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Keeping you in-the-know on environmental, social and governance developments

When I first started in environmental consulting back in the 1980s, one fast-growing service was conducting environmental compliance audits of waste management facilities (also known as Treatment, Storage and Disposal Facilities or TSDFs). The need for TSDF audits was driven by the Comprehensive Environmental Response, Compensation, and Liability Act (CERCLA or “Superfund”) which was fairly recent then and imposed joint and several liability on companies that sent waste to disposal sites that then had to be cleaned up due to poor operations and site contamination. That law is still in place, as are the legal liabilities – with many companies continuing to conduct environmental due diligence on their waste management vendors.

This recent article in The Intercept provides a good example of why basic environmental liability management shouldn’t be ignored in the midst of today’s ESG and climate focus. The piece is lengthy and sets out a long list of alleged operational and site contamination issues at Braven Environmental, a North Carolina company “that says it can recycle nearly 90 percent of plastic waste through a form of chemical recycling called pyrolysis.” The Intercept also included a link to this 2023 state hazardous waste regulatory compliance inspection detailing numerous major hazardous waste management violations.

Those newly responsible for corporate circular economy initiatives may not realize that in the U.S., waste management liability applies to recycling/recovery operations. Even if Braven’s customers don’t face those liabilities directly, they still must deal with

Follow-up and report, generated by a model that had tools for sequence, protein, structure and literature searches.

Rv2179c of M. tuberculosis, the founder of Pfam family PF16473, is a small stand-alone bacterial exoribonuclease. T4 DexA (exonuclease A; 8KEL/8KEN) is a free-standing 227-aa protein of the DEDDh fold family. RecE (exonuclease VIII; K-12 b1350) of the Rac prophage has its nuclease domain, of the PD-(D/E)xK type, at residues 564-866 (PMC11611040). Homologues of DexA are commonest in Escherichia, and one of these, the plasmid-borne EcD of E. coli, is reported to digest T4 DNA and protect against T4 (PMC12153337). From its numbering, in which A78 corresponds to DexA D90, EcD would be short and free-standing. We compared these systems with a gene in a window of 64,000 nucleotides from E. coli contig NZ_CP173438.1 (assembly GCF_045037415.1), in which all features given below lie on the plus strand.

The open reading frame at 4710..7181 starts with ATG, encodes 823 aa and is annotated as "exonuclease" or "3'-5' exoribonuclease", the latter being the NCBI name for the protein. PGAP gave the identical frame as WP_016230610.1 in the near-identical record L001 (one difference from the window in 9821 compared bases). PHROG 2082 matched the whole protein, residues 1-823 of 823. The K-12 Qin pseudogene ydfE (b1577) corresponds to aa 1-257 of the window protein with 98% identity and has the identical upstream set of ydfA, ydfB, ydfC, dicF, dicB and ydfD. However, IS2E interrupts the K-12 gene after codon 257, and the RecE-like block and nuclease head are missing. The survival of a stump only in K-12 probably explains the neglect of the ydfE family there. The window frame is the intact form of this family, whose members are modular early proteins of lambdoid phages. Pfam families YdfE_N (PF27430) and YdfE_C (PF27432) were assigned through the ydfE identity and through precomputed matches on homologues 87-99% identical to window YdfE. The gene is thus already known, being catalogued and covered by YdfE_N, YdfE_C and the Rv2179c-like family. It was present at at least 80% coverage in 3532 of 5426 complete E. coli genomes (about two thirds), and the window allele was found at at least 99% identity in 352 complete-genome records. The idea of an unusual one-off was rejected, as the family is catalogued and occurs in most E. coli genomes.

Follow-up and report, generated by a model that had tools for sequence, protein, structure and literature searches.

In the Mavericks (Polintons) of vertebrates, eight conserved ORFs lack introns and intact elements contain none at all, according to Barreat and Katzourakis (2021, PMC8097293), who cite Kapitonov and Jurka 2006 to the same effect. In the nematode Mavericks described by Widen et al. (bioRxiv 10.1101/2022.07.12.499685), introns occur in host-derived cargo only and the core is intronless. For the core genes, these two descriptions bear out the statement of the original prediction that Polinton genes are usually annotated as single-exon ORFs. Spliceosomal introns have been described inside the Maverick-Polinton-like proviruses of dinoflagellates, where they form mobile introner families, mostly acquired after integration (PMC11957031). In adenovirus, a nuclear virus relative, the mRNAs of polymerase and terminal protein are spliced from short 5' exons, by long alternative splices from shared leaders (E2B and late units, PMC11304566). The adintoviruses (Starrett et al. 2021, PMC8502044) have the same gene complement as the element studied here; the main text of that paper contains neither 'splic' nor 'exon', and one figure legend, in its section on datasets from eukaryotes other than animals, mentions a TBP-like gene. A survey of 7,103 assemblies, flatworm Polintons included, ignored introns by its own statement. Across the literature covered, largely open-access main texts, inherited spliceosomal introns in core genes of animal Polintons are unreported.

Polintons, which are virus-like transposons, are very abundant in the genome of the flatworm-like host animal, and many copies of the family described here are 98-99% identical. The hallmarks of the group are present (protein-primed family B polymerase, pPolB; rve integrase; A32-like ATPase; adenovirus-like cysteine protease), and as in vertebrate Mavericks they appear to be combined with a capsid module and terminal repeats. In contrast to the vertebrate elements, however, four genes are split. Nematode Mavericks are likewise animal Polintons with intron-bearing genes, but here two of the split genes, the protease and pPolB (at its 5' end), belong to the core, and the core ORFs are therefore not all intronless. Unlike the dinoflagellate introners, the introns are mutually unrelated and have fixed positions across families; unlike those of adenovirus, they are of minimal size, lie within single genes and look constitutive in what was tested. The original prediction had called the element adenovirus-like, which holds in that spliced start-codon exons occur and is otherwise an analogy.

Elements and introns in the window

• reputational risk concerns related to Braven’s operations,
  • disruptions of finding new plastic management options and
  • the likelihood of missing corporate environmental/recycling commitments made in public reports.

With so much emphasis on plastics recycling and circular economy in recent years, there is a lot of strain on the recycling/recovery infrastructure – and even fraud. Companies need to make sure environmental due diligence is conducted on new types of recycling/circular economy facilities or you may find yourself facing old-fashioned environmental liabilities.

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The Editor

Lawrence Heim has been practicing in the field of ESG management for almost 40 years. He began his career as a legal assistant in the Environmental Practice of Vinson & Elkins working for a partner who is nationally recognized and an adjunct professor of environmental law at the University of Texas Law School. He moved into technical environmental consulting with ENSR Consulting & Engineering at the height of environmental regulatory development, working across a range of disciplines. He was one… View Profile